On April 1, Kanishk Sable, 23, along with his mother and 70-year-old grandmother, was taken to Mumbai’s Kasturba Hospital for a 24-hour-observation, after his father, Namdev Sable, had tested positive for Covid-19. “It was a nightmare,” he says, recounting the moments over the phone. “First the shock following dad’s positive test result, and then, the fear of social exclusion. It was harrowing.”
Kanishk’s biggest fear was catching the infection from other suspected cases while they were inside the hospital, even if they did not actually carry the coronavirus from home. “Those 24 hours were the longest hours of our life,” he says. “We were 25 in all, all suspected for Covid-19, lying down in the same large hall. Our beds were at a distance of no more than one foot from each other. As we waited for our test results, we were offered tea and biscuits, and bland and flavourless meals comprising dal, rice, a dry-cooked vegetable and roti. All were sharing the same washroom, and people were getting together in a circle and chatting away.”
While Kanishk and his grandmother came out clean, his mother, Jayashree, tested positive.
Both his parents were taken to SevenHills Hospital for the treatment. “My parents got a fantastic treatment at SevenHills, where they had their own isolation rooms,” he says. “They were provided desserts, too, with meals. They spent most of their time resting and sleeping, and now they are back with us.”
Meanwhile, Rohit Datta, who unwittingly became Delhi’s first Covid-19 positive case, spent 14 days of isolation washing his clothes, listening to spiritual music, connecting with friends and family over video calls and watching birds from the window of his room at Delhi’s Safdarjung Hospital. “The loneliness combined with the feeling of guilt for putting others through inconvenience fills you up, and you get so emotionally overwhelmed that it starts to take a toll on the body,” explains Datta, who has recovered and is now back to managing his technical textile export business in Delhi.
The period of 14-day isolation which is a mandatory requirement for patients of Covid-19 can be torturous for many, and can lead to infrequent moments of nervous breakdowns even after the recovery, say experts. “With so much free time to ponder over things, it depends on what you do during that time and what your basic personality is like,” says Dr Sagar Mundada, a psychiatrist based in Mumbai.
The emotional distress is further exacerbated when the facilities for isolation are below par. “The public hospitals are overloaded and under-staffed, and isolation wards are not clean. Hygiene is a big issue during a pandemic,” says Kamayani Bali Mahabal, a health and human rights activist. “According to experiences of some in isolation ward, most of the public hospital staff are supportive, but they are constrained by the infrastructure of the hospital. This can potentially create a risk if the disease spreads rapidly, since medical staff will have to waste their time in managing people and dealing with infrastructural woes. In a private hospital, treatment in a general ward can cost you almost 011,000 a day; in an intensive care unit, it will cost approximately 050,000. For those who are positive, treatment might take 15 days. This adds up to an exorbitant 07.5 lakh per person in a super-specialty hospital. Hence, only those who are insured or are rich can access these.”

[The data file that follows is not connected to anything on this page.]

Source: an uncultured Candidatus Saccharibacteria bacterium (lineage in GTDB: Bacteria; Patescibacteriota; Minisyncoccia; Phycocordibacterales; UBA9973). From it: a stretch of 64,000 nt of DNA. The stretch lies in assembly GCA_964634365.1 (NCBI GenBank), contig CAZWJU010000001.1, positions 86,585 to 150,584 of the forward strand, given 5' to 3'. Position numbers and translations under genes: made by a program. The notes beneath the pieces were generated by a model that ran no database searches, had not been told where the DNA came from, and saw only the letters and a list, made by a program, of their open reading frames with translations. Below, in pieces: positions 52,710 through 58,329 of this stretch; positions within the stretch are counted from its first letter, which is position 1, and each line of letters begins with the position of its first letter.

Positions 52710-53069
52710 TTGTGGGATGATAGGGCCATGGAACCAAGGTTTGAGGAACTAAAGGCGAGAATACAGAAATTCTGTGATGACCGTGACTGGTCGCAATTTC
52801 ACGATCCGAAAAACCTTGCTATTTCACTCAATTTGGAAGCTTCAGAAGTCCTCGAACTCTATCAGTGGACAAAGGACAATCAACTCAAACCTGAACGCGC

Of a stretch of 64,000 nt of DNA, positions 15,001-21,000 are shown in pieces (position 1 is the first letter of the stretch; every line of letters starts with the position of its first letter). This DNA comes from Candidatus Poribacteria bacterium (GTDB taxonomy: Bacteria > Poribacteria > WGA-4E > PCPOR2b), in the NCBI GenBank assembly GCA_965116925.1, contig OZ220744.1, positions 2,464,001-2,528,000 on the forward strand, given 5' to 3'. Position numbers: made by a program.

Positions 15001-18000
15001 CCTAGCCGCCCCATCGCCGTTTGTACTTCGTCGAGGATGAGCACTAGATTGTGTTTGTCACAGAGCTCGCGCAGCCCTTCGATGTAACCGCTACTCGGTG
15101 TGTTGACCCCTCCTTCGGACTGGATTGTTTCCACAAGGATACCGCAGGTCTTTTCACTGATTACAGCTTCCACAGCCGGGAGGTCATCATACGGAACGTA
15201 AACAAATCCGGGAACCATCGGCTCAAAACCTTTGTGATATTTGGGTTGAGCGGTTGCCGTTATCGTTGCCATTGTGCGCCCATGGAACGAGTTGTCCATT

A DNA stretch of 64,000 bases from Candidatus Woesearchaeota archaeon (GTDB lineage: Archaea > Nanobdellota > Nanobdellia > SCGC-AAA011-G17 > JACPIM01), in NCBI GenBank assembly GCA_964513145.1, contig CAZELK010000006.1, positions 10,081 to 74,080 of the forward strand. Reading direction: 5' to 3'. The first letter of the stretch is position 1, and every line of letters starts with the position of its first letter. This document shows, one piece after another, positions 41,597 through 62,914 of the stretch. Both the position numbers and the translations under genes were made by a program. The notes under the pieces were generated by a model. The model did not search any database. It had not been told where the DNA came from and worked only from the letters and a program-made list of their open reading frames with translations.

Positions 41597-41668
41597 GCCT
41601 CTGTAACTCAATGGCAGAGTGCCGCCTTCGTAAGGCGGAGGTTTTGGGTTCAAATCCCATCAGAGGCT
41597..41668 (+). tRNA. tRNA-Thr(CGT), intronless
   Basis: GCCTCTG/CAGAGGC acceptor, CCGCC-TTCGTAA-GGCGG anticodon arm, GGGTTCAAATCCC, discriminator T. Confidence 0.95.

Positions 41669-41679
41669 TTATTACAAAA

For Venkat Raghav, the first Covid-19 patient to recover from Rajiv Gandhi Institute of Chest Diseases, Bengaluru, it was relieving to know that he was Covid-positive, because he could at last attribute the restlessness and uneasiness that he was feeling to something. He had been feeling uneasy since his return from the United States in early March. In a YouTube video he posted recently, he lucidly describes his experience of being under isolation: “The facility was being developed to house a patient like me,” he says. “Windows were always open and the bed was creaking. [There was an air-conditioner, and the room] temperature was under 20 degrees Celsius, making it too chilly for me. The food was quite spicy. But in the next few days I was moved to a larger bed facility, which had a fan and where I could shut the windows if I wanted to. My fever would go up to 102 degrees [Fahrenheit] in early morning, and would be a constant 100 degrees [Fahrenheit] through the day. I was provided south Indian breakfast upon my request, and I was given antibiotics to prevent secondary infection. Because of jetlag, my sleep pattern was messed up. I was sleeping through the day and was completely awake at night. There were also days when I slept hungry even when I had fever. It took exactly two weeks for the fever to subside. The doctors really helped me navigate through this successfully.”
Another Covid-positive patient, Tomy Philip (name changed), was treated with erythromycin, Tamiflu and chloroquine in the isolation intensive care unit of Mumbai’s Fortis Hospital. Even after being discharged, he had been asked to continue home quarantine. He is strictly following the instructions. The family’s 1-BHK apartment has two separate toilets; Philip’s wife and son limit themselves to the living room and try to maintain as much distance as possible from Philip. The latter does feel the pinch at times, as if he is being “punished for a crime” he did not intentionally commit. “I get the food in the bedroom and do not go out at all,” he says. “This, of course, feels like I have been imprisoned, but then this, too, shall pass. The [officials of] Brihanmumbai Municipal Corporation keep coming to check on me. Last time they stamped my hand before leaving. They have now locked down the entire building. Nobody is allowed to go out or come in. And, I feel as if I am responsible for all of this, but I am steeling myself against these thoughts.”